JUXTAPOSITION-Parshat Shelach

Every book of Chumash has its own character. Breishit is, basically, all narrative, relating the story of the rise of our nation. Shemot is split right down the middle; first 18 chapters telling the saga of the Exodus. From chapter 19 until the end, we have mitzvot, first those given as part of the covenant at Sinai, and then the construction of the national shrine.  Vayikra has almost no narrative. It’s the book of ritual and spiritual precepts. Devarim is Moshe Rabbeinu’s farewell address. That leaves Bamidbar, the odd man out. 

Bamidbar is a mixed bag. It combines mitzvot and stories in every parsha, and this week’s Torah reading is no exception. Shelach begins with the sorry tale of the scouts sent to report on the Promised Land, and ends with the mitzva of TZITZIT. What does the Torah call the scouts who tour the land? I’ll give you a hint: It’s not MERAGLIM or spies. that term is saved for the book of Yehoshua, chapter 2, when two spies enter Yericho. They’re called TURIM. The same word we use today for tourists. That same root appears in the section of TZITZIT, in the phrase LO TATURU, ‘and you shall not wander after your eyes (Bamidbar 15:39). TZITZIT will stop you from mistakes like those of the scouts. 

However, after the story of the scouts and before the mitzva of TZITZIT we have a discussion of the voluntary offerings which Jews are entitled to offer in the Temple. Later, after a mitzva about converts and their offering, the Torah instructs us to give a portion of our bread to the Cohanim, the mitzva of CHALAH. Both of these mitzvot begin with the words: When you enter the Land. 

That’s a very powerful concept: When you enter the Land! These people have just been told that they are not going to enter the Land. Nevertheless, God, through the national spokesman Moshe, who had delivered the bad news, is right away delivering good news. 

This idea is important; it is crucial. The Jewish nation has suffered a setback. Setbacks are inevitable, but not permanent. The nation can’t wallow in the bad news; it must regain hope in the face of this adversity. But it’s not enough to just tell people that ‘happy days are here again’. You must also give them advice and good counsel along with the good news: Wear protection from making poor decisions in the future. Wear these fringes and they will remind you to keep focused on the game plan: Remember the mitzvot of the Lord to perform them… So that you shall remember and perform all My commandments and you shall be holy to your God (verses 39-40). Why should we continue to perform God’s mitzvoth? Because: I am the Lord, your God, Who took you out of the land of Egypt to be your God; I am the Lord, your God (verse 41).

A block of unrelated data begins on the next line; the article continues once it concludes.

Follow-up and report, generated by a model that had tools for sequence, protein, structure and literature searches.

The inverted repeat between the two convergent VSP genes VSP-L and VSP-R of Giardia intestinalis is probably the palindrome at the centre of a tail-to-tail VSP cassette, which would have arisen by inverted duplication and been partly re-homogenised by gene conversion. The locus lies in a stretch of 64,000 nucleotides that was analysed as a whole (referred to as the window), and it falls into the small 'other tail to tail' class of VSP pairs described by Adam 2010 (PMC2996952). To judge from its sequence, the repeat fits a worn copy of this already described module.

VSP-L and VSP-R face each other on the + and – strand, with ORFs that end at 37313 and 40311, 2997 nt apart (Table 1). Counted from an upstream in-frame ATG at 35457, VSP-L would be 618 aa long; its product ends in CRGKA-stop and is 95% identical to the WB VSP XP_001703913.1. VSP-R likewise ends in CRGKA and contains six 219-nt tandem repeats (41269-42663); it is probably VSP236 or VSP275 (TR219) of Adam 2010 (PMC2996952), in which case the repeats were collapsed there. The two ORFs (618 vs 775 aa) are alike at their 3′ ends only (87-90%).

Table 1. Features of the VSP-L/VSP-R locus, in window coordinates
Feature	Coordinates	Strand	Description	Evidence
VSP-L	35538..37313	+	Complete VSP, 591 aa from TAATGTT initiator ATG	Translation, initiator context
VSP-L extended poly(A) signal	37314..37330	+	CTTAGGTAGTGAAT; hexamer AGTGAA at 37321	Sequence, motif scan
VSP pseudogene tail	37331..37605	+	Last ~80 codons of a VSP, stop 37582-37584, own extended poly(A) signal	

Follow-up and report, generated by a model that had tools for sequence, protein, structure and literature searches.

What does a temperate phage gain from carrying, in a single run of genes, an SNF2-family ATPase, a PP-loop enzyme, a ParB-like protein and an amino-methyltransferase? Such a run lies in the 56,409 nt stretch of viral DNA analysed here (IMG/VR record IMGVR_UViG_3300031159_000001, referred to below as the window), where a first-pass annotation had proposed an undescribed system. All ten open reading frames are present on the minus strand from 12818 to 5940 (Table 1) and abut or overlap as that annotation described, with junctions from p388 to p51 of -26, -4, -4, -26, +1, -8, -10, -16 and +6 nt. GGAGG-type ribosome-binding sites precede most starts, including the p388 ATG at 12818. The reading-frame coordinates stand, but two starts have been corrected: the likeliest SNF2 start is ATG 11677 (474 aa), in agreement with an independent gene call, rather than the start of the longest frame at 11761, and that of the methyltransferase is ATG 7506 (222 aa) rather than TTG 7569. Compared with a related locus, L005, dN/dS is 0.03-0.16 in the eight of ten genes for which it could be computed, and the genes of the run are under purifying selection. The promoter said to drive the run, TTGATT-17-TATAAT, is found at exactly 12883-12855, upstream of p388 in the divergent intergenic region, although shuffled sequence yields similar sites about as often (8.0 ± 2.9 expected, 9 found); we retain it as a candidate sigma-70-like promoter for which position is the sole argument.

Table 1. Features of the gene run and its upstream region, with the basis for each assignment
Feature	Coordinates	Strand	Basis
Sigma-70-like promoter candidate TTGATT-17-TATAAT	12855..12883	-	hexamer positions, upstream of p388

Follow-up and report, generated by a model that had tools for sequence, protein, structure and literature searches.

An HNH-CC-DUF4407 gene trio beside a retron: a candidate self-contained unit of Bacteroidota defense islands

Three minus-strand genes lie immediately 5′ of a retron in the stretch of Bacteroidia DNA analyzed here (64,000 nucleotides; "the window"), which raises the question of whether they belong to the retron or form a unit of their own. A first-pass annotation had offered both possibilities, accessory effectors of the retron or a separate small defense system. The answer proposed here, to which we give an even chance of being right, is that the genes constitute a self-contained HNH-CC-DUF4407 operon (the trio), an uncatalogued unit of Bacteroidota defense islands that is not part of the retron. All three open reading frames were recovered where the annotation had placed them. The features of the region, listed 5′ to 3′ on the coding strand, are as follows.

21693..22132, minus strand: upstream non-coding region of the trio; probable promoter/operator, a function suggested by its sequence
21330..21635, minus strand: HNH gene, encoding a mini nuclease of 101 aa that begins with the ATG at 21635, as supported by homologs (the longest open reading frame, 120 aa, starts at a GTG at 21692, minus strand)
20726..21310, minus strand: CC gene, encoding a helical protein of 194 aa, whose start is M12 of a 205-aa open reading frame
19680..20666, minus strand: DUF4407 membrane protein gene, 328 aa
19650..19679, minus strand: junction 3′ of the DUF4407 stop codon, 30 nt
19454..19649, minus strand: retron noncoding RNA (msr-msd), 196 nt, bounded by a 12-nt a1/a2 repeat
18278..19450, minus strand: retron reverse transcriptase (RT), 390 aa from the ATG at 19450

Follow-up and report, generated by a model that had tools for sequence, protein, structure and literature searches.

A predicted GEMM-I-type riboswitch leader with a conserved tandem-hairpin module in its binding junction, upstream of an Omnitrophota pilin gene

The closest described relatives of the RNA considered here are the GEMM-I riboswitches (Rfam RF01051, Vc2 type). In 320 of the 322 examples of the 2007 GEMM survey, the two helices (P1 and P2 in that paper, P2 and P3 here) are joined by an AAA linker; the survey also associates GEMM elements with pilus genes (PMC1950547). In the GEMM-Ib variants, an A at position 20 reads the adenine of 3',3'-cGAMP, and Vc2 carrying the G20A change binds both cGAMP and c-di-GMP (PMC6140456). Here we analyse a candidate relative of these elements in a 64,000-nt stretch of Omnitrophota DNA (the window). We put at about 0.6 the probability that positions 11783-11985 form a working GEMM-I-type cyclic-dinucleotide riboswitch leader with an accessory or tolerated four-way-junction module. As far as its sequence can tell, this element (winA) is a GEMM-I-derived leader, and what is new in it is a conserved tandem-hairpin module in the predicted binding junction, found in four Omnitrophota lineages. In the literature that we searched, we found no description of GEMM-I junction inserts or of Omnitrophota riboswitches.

Bad times, downturns, tragedies and misfortunes can’t deter the Jewish people from the historic path that we tread. 

Notice how it works? The structure of the book of Bamidbar helps us to put the narrative into its proper perspective. The precepts and the narrative work together to weave an eternal message for the Jewish people. 

The Mei Shiloach (Rav Mordechai Yosef Leiner of Ishbitz, 1801-1854) teaches that idea in our story. We have to move through life with YIRAH (awe and reverence) for God, and realize that all beginnings, like entering the Land, are difficult. Therefore, we must always remember, through the guidance of the TZITZIT, to follow God’s plan for our Divinely guided nation. Follow the mitzvot, and the ship of state will be righted. 

The same thing is true today. We continually face trials and tribulations, but we can’t allow these bumps in the road to deter us from the ultimate hopes, goals, aspirations and TIKVA of our eternal people.  

Our leaders, religious and secular, can’t dwell on blame. Yes, we should analyze data and see where mistakes were made. But, ultimately, it’s got to be ’eye on the prize’. We must keep laser focus on where our nation is headed. Only then can we move forward and put the problems behind us. Let’s pray to God that we have such leadership. And wear your mask when around others. 

About the Author
Born in Malden, MA, 1950. Graduate of YU, taught for Rabbi Riskin in Riverdale, NY, and then for 18 years in Efrat with R. Riskin and R. Brovender at Yeshivat Hamivtar. Spent 16 years as Educational Director, Cong. Agudath Sholom, Stamford, CT. Now teach at OU Center and Yeshivat Orayta.
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